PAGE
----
Squats. You have to train through it. If it's actually tendonitis.
    Checked it under load, and it doesen't matter whether the stance is wide or narrow, surprisingly enough, it seem to be that if it's wider it's a bit better, as long as the knees are out enough. The more the knees are out, the less pain exist, but the diferrence is small.
    Concentric internal rotation of the thigh, and adduction, are the painful movements. If it's tendonitis, what would you think may be a good approach to train through it, in terms of sets, reps, and weight?
    After couple of light session of 4-5 sets of 5 reps with light load (50kg-55kg) it is a bit better, but still far from good.

  6. #6
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    Hi,
    It's been about 5 weeks of pain now, it doesen't really get that much better. I went down to 50kg at the squat and I'm doing the reps slower, but pain is still quite bad. It does improve but not so much.
    The deadlift is less painful than the squat.
    The adduction of the thigh is the most painful movement, and during the squat the pain is at the bottom. Every session, the first set with the empty bar is VERY painful but than it gets a tiny bit better during the warmup. But it's still quite painful and absolutely interfere with my abillity to actually squat more than a light weight, or any weight without a significant pain.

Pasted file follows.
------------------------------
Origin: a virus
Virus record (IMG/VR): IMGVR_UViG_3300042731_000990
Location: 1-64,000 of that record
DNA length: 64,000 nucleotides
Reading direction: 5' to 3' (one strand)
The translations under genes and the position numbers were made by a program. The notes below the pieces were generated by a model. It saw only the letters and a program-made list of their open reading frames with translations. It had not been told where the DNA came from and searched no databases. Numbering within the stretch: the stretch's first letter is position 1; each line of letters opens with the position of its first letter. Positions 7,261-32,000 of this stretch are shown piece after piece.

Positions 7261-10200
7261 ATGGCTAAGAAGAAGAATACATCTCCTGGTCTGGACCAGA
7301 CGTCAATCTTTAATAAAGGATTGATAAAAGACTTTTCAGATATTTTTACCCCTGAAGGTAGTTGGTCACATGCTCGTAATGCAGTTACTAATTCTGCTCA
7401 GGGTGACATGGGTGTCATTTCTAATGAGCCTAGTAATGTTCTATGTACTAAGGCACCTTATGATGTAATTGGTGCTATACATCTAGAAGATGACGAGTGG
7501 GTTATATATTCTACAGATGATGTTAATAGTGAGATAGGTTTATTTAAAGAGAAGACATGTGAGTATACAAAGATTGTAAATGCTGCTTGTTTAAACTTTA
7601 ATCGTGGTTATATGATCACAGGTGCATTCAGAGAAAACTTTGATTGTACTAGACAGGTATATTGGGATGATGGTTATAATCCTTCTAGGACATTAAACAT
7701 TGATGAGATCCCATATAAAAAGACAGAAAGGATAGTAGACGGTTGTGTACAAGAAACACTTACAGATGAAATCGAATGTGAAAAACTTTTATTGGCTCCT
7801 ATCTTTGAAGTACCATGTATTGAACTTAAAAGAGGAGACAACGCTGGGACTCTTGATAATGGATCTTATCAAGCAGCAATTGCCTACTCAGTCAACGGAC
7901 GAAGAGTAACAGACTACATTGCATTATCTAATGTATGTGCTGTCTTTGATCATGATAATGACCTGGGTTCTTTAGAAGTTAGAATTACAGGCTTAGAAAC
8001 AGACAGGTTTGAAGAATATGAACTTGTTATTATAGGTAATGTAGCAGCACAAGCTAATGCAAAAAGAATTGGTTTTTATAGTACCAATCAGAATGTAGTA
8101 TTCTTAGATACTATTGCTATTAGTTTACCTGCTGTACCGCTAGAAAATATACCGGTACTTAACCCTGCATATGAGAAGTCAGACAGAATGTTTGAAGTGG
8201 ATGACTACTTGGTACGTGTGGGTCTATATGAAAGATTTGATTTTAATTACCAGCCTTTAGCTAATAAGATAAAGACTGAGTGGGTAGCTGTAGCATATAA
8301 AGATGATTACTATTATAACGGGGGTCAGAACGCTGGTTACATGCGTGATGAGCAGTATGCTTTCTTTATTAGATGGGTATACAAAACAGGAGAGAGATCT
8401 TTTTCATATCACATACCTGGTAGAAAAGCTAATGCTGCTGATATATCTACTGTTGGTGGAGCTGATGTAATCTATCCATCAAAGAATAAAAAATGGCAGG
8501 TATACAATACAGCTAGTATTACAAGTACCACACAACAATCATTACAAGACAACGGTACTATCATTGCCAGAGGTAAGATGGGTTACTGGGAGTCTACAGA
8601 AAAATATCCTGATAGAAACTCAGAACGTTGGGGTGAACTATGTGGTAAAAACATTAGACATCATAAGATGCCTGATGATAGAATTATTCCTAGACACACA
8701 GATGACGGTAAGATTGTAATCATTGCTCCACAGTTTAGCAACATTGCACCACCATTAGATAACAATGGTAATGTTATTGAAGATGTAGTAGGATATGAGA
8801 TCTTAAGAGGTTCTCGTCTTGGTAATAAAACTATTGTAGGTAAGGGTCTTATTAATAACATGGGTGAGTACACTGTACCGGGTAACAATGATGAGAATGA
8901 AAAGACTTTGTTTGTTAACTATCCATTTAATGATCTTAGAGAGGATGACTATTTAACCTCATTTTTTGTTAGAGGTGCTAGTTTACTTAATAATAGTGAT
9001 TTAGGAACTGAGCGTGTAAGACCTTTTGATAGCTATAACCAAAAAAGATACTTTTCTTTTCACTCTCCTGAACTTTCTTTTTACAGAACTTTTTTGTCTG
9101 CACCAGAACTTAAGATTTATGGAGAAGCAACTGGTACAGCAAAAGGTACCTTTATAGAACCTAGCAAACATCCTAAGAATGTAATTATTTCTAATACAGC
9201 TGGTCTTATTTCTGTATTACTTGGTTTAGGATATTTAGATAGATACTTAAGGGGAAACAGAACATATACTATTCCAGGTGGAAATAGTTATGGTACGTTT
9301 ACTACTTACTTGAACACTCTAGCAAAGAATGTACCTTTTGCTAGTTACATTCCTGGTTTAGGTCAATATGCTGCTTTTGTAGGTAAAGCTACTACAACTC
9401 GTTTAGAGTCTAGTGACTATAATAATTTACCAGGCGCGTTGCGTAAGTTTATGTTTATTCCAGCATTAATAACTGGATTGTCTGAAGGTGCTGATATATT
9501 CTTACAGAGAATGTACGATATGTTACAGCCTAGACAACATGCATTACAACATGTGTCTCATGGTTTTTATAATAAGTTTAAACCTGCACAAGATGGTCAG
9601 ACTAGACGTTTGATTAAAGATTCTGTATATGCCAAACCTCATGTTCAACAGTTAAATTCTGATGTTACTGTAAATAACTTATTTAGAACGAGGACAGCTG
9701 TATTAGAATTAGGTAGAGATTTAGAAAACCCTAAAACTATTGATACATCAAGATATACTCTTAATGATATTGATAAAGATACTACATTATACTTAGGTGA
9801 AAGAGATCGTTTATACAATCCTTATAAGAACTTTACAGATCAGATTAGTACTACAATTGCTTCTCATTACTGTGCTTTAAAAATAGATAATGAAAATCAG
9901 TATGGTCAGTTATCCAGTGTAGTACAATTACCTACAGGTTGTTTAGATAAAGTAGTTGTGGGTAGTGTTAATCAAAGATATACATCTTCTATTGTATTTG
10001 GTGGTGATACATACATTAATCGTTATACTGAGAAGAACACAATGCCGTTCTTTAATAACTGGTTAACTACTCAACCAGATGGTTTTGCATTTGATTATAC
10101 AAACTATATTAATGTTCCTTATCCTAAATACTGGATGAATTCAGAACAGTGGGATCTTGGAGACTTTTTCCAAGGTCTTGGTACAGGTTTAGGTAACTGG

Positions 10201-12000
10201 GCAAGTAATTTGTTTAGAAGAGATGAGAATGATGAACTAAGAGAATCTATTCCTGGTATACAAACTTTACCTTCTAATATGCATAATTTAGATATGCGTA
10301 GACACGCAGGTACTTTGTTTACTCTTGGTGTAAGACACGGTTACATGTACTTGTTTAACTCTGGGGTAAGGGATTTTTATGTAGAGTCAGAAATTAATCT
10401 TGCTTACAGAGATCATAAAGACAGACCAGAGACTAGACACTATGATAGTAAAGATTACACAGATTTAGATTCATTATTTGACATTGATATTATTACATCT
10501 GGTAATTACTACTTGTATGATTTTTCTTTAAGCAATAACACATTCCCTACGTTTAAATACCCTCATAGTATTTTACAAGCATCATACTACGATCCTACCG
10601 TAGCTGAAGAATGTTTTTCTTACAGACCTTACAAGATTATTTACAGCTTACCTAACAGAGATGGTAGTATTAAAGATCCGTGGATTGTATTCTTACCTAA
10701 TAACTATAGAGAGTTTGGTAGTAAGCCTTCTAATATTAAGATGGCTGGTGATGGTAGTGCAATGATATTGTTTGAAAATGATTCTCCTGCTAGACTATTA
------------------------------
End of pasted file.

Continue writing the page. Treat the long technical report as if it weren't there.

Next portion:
What do you think should be my next step?

  7. #7
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    Also, regarding my last reply, didn't mention: thank you very much for the kind help :-)

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    I would switch to pause squats and ramp sets of 5 to a top set. If things are feeling good that day, you can do two sets at the top weight. Do this 1-2x/week for squat and keep deadlifting 1x/week. Keep the top set load increases no larger than 10%. It usually takes these types of injuries closer to 12 weeks before they start to feel significantly better (notice I did not say completely go away here). Sometimes the symptoms still linger, but hopefully, you will be able to increase your load tolerance such that you can tolerate loads in the 125 kg range without a spike.

  9. #9
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    Quote Originally Posted by Nick D'Agostino View Post
    I would switch to pause squats and ramp sets of 5 to a top set. If things are feeling good that day, you can do two sets at the top weight. Do this 1-2x/week for squat and keep deadlifting 1x/week. Keep the top set load increases no larger than 10%. It usually takes these types of injuries closer to 12 weeks before they start to feel significantly better (notice I did not say completely go away here). Sometimes the symptoms still linger, but hopefully, you will be able to increase your load tolerance such that you can tolerate loads in the 125 kg range without a spike.
    Will do so. Thanks man :-)
    I Appreciate it!
    12 weeks is something I would sign for right now.

    Thanks again

  10. #10
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    starting strength coach development program
    You're welcome and good luck!